Get 36% Off on Vitamins D3 and K2 90-Day Supply Get 36% Off on Vitamins D3 and K2 90-Day Supply


Can Carrots Eat Away at Your Risk of Cancer?

In more evidence eating whole foods are good for you, falcarinol, a natural compound that protects carrots from fungal diseases, may be a potent cancer fighter. A European study has discovered the chemical reduces malignancies in rats by a third.

Researchers studied 24 rats with precancerous tumors that mimicked human colorectal cancer for 18 weeks. The rats were assigned to three groups, with each given a different diet. Scientists found rats that ate carrots along with their ordinary feed, as well as a second group that had falcarinol added to their feed, were a third less likely to develop cancerous tumors compared with rats that were given neither.

The exact mechanism behind falcarinol's anti-cancer activity remains unknown and researchers don't know if the results seen in rats would be enjoyed by humans. Nevertheless, the results appear very encouraging, reinforcing the belief other fruits and vegetables -- think resveratrol, a cancer-fighting compound found in grapes and other plants -- have similar protective qualities.

The discovery also provoked researchers to ask the question, whose answer cuts to the heart of all the advantages one can enjoy by eating a healthy diet based on one's unique nutritional type: Why is eating vegetables is so much better for your health than just taking a vitamin pill with the same amount of vitamins and minerals?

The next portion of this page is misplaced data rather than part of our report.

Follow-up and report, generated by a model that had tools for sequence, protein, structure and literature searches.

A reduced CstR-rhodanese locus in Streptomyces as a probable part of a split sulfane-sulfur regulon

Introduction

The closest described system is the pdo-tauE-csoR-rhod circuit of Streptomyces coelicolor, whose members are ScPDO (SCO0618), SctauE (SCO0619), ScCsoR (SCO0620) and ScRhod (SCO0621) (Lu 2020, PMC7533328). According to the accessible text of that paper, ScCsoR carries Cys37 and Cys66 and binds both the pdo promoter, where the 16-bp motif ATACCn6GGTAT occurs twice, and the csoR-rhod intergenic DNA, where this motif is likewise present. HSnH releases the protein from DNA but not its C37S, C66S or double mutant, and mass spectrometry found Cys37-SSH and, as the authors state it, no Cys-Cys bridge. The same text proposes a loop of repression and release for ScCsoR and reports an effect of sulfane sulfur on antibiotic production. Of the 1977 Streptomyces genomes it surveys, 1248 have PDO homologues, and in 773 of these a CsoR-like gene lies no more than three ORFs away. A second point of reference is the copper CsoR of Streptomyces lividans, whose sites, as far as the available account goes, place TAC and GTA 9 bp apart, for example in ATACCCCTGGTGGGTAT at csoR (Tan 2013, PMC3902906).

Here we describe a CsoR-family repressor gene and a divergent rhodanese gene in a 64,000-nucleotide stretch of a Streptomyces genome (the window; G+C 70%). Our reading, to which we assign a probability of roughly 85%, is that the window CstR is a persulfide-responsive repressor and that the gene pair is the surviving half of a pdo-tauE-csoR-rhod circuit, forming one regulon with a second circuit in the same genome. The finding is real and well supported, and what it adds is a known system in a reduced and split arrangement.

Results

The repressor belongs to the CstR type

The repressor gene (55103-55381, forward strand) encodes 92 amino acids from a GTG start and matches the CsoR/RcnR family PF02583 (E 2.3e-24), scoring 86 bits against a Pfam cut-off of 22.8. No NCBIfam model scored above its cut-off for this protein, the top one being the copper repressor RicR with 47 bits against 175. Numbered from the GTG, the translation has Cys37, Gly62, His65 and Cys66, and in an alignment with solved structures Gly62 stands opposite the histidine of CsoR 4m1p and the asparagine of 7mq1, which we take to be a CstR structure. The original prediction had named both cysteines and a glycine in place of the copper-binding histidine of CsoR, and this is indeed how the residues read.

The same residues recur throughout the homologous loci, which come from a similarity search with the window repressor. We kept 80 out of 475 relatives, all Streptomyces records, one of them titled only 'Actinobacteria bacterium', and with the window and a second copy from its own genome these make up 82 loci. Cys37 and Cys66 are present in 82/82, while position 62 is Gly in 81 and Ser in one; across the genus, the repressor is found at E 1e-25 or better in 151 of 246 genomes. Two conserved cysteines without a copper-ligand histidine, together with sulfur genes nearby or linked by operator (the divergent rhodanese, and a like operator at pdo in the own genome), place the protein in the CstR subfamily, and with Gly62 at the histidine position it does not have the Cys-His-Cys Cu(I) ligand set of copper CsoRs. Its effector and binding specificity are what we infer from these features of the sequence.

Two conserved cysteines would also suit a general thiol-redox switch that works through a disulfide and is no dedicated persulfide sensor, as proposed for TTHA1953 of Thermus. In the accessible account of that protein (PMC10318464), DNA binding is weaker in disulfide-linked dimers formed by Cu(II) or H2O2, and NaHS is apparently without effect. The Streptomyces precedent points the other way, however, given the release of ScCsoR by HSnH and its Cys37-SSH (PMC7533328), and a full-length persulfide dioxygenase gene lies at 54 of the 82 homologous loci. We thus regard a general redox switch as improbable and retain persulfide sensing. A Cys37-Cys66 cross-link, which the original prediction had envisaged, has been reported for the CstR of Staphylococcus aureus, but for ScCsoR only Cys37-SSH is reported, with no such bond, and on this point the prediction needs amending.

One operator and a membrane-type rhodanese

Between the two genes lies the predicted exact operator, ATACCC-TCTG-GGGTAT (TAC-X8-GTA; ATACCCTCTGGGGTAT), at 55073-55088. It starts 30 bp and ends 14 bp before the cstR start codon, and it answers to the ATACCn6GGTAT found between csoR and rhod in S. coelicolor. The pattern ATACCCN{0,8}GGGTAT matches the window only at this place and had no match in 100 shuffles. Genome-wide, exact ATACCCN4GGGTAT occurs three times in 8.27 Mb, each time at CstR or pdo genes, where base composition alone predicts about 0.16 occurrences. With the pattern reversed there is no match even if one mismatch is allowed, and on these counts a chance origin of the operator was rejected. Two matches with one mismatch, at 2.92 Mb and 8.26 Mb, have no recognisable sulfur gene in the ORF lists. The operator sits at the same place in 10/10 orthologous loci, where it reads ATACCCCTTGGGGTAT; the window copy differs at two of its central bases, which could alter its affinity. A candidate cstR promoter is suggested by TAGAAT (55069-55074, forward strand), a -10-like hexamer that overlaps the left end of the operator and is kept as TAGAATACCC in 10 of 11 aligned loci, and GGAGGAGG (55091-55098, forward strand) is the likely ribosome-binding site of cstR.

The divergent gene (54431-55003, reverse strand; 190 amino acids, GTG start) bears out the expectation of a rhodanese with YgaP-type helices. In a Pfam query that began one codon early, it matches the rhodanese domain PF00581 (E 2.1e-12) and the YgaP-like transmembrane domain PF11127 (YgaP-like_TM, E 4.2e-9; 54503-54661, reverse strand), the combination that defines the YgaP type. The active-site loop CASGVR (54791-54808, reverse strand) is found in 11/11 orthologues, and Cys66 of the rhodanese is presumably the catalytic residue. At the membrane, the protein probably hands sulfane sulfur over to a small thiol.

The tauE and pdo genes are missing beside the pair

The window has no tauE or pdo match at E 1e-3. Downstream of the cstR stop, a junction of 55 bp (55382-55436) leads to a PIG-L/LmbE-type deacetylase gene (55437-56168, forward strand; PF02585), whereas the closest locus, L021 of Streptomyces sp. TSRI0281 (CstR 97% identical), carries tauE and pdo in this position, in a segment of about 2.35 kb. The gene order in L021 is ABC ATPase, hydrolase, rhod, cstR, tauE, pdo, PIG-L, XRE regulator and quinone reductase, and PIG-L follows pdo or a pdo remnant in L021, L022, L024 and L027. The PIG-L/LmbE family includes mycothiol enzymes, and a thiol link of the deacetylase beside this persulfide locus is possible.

Researchers are also uncertain if the beneficial effect of falcarinol is diluted or eliminated when carrots are cooked or juiced. Another caveat: Although carrots have beta carotene and other beneficial nutrients, they are also high in sugars and can disrupt one's insulin balance if consumed in excess.

If you have high blood pressure, high blood cholesterol or triglycerides, extra weight, or diabetes, I would strongly advise against juicing carrots, other than maybe a very small amount added to a 'green' vegetable juice occasionally.

Journal of Agricultural and Food Chemistry February 5, 2005

Yahoo News February 9, 2005

Click Here and be the first to comment on this article
Post your comment